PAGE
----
These four chapters cover an amazing depth and breadth of truly crucial events in a short space. Here we have…
- The final teachings of Jesus
- The anointing at Bethany
- The Last Supper
- The prayer in Gethsemane
- Peter’s denial
- Judas’ betrayal and subsequent suicide
- Jesus’ arrest, trial, and beating
- Jesus’ journey to Golgotha, crucifixion, death, and burial
- Jesus’ resurrection
- The Great Commission
Reading four chapters in the Old Testament could, in one sense, take us through a greater span of history, covering hundreds or even thousands or, in the case of the opening chapters of Genesis, millions of years. However, here, in these closing four chapters of Matthew, we have the sense that we are peering into the very center, the crux, of history.
Perhaps the reason why we get this feeling in reading of these last events of the life of Jesus of Nazareth is because in him, as St. Irenaeus said, we have the human story recapitulated. C. S. Lewis puts it this way in Letter VIII of Letters to Malcolm: Chiefly on Prayer…
Does not every movement in the Passion write large some common element in the sufferings of our race? First, the prayer of anguish; not granted. Then He turns to His friends. They are asleep—as ours, or we, are so often, or busy, or away, or preoccupied. Then He faces the Church; the very Church that He brought into existence. It condemns Him. This also is characteristic. In every Church, in every, institution, there is something which sooner or later works against the very purpose for which it came into existence. But there seems to be another chance. There is the State; in this case, the Roman state. Its pretentions are far lower than those of the Jewish church, but for that very reason it may be free from local fanaticisms. It claims to be just on a rough, worldly level. Yes, but only so far as is consistent with political expediency and raison d’état. One becomes a counter in a complicated game. But even now all is not lost. There is still an appeal to the People—the poor and simple whom He had blessed, whom He had healed and fed and taught, to whom He Himself belongs. But they have become over-night (it is nothing unusual) a murderous rabble shouting for His blood. There is, then, nothing left but God. And to God, God’s last words are “Why hast thou forsaken me?”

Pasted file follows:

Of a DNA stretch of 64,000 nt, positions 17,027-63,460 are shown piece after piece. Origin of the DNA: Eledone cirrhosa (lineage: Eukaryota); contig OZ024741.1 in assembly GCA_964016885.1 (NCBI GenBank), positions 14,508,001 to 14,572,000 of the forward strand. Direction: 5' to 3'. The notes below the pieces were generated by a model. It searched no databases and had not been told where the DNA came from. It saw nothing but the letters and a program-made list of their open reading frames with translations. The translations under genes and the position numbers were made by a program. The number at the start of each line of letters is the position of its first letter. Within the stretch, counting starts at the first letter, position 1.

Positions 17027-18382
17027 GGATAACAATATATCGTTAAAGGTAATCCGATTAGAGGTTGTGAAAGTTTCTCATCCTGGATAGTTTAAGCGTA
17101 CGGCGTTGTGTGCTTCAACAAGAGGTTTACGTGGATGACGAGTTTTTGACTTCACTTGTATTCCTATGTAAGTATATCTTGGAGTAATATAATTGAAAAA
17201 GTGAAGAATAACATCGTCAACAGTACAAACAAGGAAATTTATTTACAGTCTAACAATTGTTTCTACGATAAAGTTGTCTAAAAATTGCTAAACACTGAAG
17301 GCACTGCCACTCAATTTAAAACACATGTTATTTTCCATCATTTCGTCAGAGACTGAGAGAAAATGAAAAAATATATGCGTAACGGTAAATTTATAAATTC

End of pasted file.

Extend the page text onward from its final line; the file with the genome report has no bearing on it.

You see how characteristic, how representative, it all is. The human situation writ large. These are among the things it means to be a man. Every rope breaks when you seize it. Every door is slammed shut as you reach it. To be like the fox at the end of the run; the earths all staked.
As for the last dereliction of all, how can we either understand or endure it? Is it that God Himself cannot be Man unless God seems to vanish at His greatest need? And if so, why? I sometimes wonder if we have even begun to understand what is involved in the very concept of creation. If God will create, He will make something to be, and yet to be not Himself. To be created is, in some sense, to be ejected or separated. Can it be that the more perfect the creature is the further this separation must at some point be pushed? It is saints, not common people, who experience the “dark night.” It is men and angels, not beasts, who rebel. Inanimate matter sleeps in the bosom of the Father. The “hiddenness” of God perhaps presses most painfully on those who are in another way nearest to Him, and therefore God Himself, made man, will of all men be by God most forsaken? One of the seventeenth-century divines says, “By pretending to be visible God could only deceive the world.” Perhaps He does pretend just a little to simple souls who need a full measure of “sensible consolation.” Not deceiving them, but tempering the wind to the shorn lamb. Of course I’m not saying like Niebuhr that evil is inherent in finitude. That would identify the creation with the fall and make God the author of evil. But perhaps there is an anguish, an alienation, a crucifixion involved in the creative act. Yet He who alone can judge judges the far-off consummation to be worth it.
I am, you see, a Job’s comforter. Far from lightening the dark valley where you now find yourself, I blacken it. And you know why. Your darkness has brought back my own. But on second thoughts I don’t regret what I have written. I think it is only in a shared darkness that you and I can really meet at present; shared with one another and, what matters most, with our Master. We are not on an untrodden path. Rather, on the main-road.
“But what of the resurrection?” you may well ask. Yes, it is there, in chapter 28. And I believe in the resurrection of the body, in Jesus’ resurrection and ours, just as we confess in the Creed. Lewis believed in it as well. But notice how Matthew takes more time to dwell on Jesus’ suffering. That suffering which Jesus shares with us is a comfort too, just as is the hope of resurrection. But even the resurrection is not the end of the road, rather a bend in the road, with all of eternity beyond….